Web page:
A Speyside landowner has hailed firefighters for preventing a large wildfire from spreading to a nearby wind farm.
Dozens of firefighters worked through the night to bring the fire, in the Ballindalloch Highland Estate, after the alarm was raised by a farmer at about 10.30pm on Saturday.
The flames continued to spread towards the 28 turbines at Paul’s Hill wind farm yesterday morning, and a helicopter was on stand-by to waterbomb the area.
However, the fire crews managed to contain the blaze, which is believed to have started in some heather and gorse bushes.
Last night, estate co-owner Clare Russell – Lady Lord Lieutenant of Banffshire – praised the emergency services for their work.
She said: “We have no idea how it started but it seems like it had nothing to do with the estate.
“We were very lucky as one of our tenant farmers had got back late on Saturday and he immediately advised the fire service.
“Luckily, there are no houses nearby but we were worried about the windfarm as it started below it but thankfully it was calmed down and put under control by the amazing firemen.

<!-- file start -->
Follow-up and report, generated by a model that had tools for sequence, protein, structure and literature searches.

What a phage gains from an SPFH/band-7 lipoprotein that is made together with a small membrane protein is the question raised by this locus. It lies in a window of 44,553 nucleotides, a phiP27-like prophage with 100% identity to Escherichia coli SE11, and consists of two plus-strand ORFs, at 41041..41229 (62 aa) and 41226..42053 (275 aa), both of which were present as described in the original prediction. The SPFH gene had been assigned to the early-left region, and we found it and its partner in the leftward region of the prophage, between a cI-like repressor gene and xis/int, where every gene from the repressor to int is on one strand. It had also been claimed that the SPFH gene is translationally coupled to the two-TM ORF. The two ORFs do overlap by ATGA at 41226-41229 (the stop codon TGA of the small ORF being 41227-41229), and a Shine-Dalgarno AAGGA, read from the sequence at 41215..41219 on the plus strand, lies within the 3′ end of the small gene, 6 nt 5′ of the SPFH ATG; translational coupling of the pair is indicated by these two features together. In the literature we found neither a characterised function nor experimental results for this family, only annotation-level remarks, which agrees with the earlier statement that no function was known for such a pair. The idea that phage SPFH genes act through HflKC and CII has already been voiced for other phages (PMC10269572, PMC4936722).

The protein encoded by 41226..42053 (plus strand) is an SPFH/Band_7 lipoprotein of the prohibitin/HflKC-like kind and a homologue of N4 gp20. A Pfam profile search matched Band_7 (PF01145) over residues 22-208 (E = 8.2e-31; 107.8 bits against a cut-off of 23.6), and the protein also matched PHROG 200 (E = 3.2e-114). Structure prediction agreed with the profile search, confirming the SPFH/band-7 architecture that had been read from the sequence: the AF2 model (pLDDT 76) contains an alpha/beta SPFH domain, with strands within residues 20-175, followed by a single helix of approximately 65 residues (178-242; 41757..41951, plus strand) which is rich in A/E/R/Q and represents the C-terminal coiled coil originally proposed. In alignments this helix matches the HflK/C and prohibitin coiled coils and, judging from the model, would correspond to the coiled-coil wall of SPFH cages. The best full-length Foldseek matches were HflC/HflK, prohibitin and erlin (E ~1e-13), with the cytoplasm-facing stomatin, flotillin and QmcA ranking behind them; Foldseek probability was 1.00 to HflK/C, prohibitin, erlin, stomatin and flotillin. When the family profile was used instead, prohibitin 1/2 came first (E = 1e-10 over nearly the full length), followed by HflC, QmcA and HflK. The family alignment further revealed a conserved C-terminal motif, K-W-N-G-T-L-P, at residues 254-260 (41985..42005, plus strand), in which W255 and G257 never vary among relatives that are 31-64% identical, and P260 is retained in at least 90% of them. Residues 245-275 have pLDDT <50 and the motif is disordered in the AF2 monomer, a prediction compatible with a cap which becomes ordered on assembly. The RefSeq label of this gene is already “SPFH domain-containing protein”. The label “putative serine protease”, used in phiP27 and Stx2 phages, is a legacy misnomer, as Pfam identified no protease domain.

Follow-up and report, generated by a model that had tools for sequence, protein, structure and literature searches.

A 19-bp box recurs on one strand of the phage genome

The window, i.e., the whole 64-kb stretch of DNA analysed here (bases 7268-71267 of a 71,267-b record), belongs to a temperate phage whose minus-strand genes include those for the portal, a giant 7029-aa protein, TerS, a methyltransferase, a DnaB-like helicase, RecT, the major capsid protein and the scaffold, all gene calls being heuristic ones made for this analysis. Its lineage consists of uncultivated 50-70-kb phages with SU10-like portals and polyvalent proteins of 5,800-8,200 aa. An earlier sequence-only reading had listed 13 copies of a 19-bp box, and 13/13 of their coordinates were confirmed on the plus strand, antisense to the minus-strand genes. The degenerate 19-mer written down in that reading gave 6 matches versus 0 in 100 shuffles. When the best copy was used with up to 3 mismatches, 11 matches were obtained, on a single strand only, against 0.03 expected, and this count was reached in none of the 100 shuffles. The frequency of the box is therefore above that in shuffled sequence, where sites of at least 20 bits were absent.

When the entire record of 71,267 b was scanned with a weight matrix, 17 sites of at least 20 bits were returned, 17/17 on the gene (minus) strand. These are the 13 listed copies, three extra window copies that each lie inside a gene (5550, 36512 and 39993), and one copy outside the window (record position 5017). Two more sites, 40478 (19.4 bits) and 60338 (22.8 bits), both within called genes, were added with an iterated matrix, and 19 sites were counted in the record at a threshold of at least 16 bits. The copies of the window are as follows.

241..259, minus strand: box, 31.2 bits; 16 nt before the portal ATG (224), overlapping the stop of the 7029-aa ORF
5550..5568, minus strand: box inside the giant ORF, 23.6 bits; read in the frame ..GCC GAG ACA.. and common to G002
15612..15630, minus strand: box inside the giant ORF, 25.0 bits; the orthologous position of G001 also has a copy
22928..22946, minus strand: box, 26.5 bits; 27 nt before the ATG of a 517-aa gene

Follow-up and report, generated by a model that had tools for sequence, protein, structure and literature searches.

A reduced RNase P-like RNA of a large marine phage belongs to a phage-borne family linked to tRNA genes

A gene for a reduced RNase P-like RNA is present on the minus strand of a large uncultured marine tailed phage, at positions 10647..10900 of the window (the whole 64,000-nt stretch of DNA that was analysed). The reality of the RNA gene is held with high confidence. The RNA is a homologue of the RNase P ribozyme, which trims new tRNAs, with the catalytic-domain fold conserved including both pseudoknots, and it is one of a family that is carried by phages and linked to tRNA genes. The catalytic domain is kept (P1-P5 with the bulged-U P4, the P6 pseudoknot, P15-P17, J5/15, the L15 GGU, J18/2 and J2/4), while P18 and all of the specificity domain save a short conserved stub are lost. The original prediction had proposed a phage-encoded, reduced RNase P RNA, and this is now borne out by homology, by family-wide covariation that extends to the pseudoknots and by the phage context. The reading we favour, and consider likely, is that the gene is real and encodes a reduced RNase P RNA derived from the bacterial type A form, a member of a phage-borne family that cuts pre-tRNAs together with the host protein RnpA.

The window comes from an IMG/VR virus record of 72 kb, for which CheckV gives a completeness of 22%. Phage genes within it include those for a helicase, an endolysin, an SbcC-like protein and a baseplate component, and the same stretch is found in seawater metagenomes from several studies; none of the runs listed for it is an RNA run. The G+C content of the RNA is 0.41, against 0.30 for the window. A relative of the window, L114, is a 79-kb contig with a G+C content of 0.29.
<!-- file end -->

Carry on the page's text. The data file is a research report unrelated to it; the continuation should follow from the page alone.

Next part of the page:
“It has burnt a lot of heather that needed burning anyway.”
Six crews, made up of 25 firefighters, battled the blaze using specialist gorse equipment and an one off-road vehicle was called out to navigate the difficult terrain.
The fire spread through the fields of the estate which were once used for shooting grouse.
Residents in neighbouring communities were advised to keep their windows shut yesterday morning as thick smoke continued to fill the air.
It was the second wildfire in 24 hours, with crews also sent to Buckpool Golf Club on Saturday afternoon.
Speyside Glenlivet councillor Louise Laing said she hoped the incidents were not sign of things to come, referring to the spate of wildfires last summer.
The blazes – described by one firefighter as the worst he had seen in 30 years – devastated land across the region, with one at Clashach Quarry in Hopeman lasting five years.
Mrs Laing said: “I want to say thank you to all the firefighters who battled extremely hard to combat the fire.
“I hope that this is not a sign of things to come considering the amount of gorse fires that happened last year.”
The fire service had warned of an increased risk of wildfires over weekend.
Fire crews managed to completely extinguish the fire after battling it for almost 17 hours.
A fire service spokeswoman said: “A stop message was received at 3.32pm with fire crews using a drone to do a survey of the area to find out if it was fully extinguished.
“They then drew back from the hill.”
It is not known whether or not they will remain in the area.